For Andre Geim, the current situation of the Russian opposition is worse than the dissidents of the end of the Soviet Union.
The 2010 Nobel Prize in Physics winner Andre Geim is Dutch and Russian. He initiated an open letter signed by 1,000 Russian-speaking scientists from all over the world, calling for an end to the Persecution of Russian opponent Alexander Navani.He answered the following questions world.
I have never met Navani and I know nothing about his political agenda other than anti-corruption.
But this situation is extremely worrying for me and I believe for France, Europe and the world as a whole. If Alexei Navalny is killed or dies in prison, Russia will cross the red line. All the incidents of the emerging dictatorship (the use of Novichok poison, the London murder, etc.) can still be attributed to Putin’s fanatics. But if anything happens to Navani now, this will be a turning point for President Vladimir Putin. He will no longer be able to hide behind the lieutenant. Like a criminal, in most cases, he will commit his first murder without hesitation. After that, recidivism becomes easier and you will become a serial killer.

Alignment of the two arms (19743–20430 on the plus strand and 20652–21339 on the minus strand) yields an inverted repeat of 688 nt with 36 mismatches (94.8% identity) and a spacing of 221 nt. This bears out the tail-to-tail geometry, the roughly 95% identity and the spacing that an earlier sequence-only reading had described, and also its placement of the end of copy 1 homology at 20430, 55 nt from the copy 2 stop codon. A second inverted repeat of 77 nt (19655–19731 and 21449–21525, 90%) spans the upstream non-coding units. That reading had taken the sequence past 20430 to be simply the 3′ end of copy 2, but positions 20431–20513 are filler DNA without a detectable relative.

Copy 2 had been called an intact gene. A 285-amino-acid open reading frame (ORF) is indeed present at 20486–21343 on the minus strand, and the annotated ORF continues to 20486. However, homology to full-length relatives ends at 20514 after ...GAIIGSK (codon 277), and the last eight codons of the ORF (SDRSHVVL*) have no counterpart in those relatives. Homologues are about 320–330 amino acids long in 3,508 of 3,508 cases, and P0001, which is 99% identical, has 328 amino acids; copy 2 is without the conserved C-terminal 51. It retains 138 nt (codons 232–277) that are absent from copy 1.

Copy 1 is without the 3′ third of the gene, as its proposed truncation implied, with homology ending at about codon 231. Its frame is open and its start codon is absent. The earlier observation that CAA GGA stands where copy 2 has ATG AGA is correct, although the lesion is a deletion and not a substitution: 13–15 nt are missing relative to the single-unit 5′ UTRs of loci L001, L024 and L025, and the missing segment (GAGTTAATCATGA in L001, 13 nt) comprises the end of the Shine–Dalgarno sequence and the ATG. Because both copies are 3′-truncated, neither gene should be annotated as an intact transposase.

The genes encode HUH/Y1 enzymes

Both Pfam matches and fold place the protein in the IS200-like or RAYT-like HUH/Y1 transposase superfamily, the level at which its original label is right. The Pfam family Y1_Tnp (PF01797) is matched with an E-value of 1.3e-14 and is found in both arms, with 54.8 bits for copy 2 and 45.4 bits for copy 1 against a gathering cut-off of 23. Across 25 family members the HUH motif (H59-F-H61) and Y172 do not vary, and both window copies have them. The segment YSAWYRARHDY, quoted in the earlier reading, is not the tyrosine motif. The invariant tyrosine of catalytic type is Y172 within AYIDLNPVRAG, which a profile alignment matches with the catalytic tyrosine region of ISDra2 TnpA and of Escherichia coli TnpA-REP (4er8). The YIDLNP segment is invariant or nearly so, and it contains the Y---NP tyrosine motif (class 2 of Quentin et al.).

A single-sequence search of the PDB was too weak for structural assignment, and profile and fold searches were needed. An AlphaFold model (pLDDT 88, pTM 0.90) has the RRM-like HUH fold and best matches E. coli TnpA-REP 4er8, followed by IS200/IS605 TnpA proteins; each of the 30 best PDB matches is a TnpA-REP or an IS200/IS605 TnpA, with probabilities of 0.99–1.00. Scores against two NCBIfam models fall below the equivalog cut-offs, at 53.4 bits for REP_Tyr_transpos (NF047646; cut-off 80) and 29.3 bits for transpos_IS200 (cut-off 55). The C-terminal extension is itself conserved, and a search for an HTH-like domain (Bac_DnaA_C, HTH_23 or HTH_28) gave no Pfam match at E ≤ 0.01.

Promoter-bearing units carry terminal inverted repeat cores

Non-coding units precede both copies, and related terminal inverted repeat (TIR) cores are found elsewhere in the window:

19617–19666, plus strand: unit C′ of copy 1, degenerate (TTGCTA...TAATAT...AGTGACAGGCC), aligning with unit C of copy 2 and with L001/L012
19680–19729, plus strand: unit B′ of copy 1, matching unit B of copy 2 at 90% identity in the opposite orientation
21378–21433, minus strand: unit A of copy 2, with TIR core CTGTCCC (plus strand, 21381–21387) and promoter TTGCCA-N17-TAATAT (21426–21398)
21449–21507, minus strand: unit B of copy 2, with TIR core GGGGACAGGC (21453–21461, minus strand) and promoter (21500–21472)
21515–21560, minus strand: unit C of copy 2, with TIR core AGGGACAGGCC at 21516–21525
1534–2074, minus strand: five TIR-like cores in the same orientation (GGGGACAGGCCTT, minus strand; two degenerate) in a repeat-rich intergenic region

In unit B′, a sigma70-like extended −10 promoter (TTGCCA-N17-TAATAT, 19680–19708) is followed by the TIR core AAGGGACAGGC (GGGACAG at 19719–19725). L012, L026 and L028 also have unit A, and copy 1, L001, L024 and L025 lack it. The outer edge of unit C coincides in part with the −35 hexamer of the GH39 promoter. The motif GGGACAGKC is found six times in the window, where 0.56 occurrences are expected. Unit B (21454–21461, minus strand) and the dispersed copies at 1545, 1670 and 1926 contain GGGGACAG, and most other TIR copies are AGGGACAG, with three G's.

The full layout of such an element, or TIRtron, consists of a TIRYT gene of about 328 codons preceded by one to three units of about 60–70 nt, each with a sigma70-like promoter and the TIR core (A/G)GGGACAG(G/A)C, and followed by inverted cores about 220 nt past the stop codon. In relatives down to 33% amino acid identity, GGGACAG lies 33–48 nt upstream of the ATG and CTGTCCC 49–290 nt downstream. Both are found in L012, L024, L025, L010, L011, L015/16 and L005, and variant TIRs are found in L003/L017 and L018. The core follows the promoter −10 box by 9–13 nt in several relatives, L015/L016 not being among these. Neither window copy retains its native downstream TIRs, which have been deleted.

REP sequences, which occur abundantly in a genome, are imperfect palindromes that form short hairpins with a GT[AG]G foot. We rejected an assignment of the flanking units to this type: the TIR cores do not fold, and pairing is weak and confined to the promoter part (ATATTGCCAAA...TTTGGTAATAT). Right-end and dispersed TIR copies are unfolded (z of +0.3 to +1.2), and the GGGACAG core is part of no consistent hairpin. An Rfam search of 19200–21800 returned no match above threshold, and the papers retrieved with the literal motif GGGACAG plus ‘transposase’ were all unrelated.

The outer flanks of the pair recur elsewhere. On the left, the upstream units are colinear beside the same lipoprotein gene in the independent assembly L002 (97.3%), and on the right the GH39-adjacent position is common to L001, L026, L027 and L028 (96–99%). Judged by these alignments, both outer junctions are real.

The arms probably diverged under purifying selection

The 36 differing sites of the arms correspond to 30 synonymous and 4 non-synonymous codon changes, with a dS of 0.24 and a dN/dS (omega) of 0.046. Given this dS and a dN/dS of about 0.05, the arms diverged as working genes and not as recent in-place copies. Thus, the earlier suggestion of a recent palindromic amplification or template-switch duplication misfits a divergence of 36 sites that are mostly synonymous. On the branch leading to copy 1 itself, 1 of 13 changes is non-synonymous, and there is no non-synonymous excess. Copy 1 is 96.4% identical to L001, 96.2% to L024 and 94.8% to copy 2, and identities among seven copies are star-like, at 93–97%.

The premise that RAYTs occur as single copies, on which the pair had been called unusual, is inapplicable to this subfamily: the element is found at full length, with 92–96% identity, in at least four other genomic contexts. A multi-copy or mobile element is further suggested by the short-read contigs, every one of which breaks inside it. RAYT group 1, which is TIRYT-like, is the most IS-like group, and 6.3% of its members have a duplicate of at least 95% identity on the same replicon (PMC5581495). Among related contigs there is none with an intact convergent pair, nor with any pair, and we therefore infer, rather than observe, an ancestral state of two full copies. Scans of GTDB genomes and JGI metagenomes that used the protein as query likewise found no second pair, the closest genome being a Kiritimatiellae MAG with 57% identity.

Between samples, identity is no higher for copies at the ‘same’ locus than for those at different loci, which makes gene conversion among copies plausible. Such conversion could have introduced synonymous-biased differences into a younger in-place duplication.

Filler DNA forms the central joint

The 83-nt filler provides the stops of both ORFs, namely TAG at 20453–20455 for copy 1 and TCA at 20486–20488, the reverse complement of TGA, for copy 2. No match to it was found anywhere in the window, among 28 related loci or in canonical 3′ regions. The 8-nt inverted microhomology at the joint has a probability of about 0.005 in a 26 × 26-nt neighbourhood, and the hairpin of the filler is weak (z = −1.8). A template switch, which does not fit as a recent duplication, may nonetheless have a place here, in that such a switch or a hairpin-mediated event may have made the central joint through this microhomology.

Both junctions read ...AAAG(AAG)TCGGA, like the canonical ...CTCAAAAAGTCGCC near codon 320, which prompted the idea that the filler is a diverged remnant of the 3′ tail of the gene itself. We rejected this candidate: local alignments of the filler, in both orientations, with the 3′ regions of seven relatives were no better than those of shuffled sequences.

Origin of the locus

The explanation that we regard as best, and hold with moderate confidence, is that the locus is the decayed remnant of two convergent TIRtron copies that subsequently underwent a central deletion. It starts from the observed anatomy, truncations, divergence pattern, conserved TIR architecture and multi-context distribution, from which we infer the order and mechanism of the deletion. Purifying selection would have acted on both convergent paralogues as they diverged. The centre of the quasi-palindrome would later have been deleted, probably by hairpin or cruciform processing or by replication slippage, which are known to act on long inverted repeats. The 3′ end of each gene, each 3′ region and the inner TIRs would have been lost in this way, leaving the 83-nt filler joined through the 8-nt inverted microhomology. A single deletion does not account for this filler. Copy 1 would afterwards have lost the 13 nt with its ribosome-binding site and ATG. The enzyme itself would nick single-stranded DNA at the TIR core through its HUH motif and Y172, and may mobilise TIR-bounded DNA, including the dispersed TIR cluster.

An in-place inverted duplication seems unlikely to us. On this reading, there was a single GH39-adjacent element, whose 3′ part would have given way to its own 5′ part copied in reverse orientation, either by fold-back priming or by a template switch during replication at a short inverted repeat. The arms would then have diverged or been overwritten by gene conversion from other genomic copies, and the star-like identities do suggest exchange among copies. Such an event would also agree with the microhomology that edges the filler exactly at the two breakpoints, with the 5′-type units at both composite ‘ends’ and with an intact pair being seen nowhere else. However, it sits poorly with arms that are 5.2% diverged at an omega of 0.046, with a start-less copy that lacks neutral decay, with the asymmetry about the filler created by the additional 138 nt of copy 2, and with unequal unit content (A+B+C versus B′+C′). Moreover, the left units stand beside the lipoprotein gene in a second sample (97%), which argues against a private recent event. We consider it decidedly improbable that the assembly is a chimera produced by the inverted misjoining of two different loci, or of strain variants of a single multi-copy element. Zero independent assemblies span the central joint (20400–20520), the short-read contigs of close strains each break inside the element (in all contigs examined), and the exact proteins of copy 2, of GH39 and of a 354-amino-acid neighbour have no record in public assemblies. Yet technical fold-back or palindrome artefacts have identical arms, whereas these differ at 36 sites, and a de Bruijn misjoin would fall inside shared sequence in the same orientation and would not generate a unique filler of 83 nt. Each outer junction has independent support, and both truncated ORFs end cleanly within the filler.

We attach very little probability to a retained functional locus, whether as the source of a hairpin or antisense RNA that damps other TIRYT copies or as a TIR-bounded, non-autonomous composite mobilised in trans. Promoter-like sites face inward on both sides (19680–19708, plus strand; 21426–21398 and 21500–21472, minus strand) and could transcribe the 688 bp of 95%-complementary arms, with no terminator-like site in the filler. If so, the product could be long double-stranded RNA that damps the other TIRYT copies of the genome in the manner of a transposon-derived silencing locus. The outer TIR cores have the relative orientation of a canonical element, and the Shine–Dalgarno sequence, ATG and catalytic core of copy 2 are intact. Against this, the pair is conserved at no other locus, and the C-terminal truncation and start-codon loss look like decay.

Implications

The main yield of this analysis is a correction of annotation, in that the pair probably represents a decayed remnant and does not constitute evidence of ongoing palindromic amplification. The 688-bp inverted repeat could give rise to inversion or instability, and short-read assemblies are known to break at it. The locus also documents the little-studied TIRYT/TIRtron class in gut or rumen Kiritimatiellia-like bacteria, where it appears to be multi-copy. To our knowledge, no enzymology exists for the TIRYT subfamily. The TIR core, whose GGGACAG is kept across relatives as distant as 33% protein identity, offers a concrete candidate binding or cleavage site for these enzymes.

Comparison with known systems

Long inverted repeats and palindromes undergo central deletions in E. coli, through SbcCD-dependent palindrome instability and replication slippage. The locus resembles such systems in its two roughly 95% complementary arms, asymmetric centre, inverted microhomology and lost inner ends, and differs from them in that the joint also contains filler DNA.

If anything happens to Alexey Navalny, the Russian leadership will obviously cross this red line of human morality and enter Lawless, A unique Russian word meaning “no limit”, describes the state of society that tolerates bad behavior. There is no turning back.
This is the most worrying thing. Many people in Russia regard Putin as the new czar and are satisfied. The czar brings stability and is usually smarter than some populist leaders. Russians believe that they can live a happy life even without democracy or even dictatorship. Of course, they all knew Stalin, but from the beginning they thought Stalin was a bad guy. This is a serious mistake. Absolute power gradually destroyed him by making him the Stalin we know today. The Soviets tolerated the gradual outbreak of atrocities until it was too late when they became victims of the atrocities. Unfortunately, the current situation looks worse than when the Soviet Union collapsed. Under the leadership of Khrushchev and Brezhnev, dissidents were persecuted, but they were not poisoned or sneaked away. This is a step forward from the Stalin era. Now we are going back.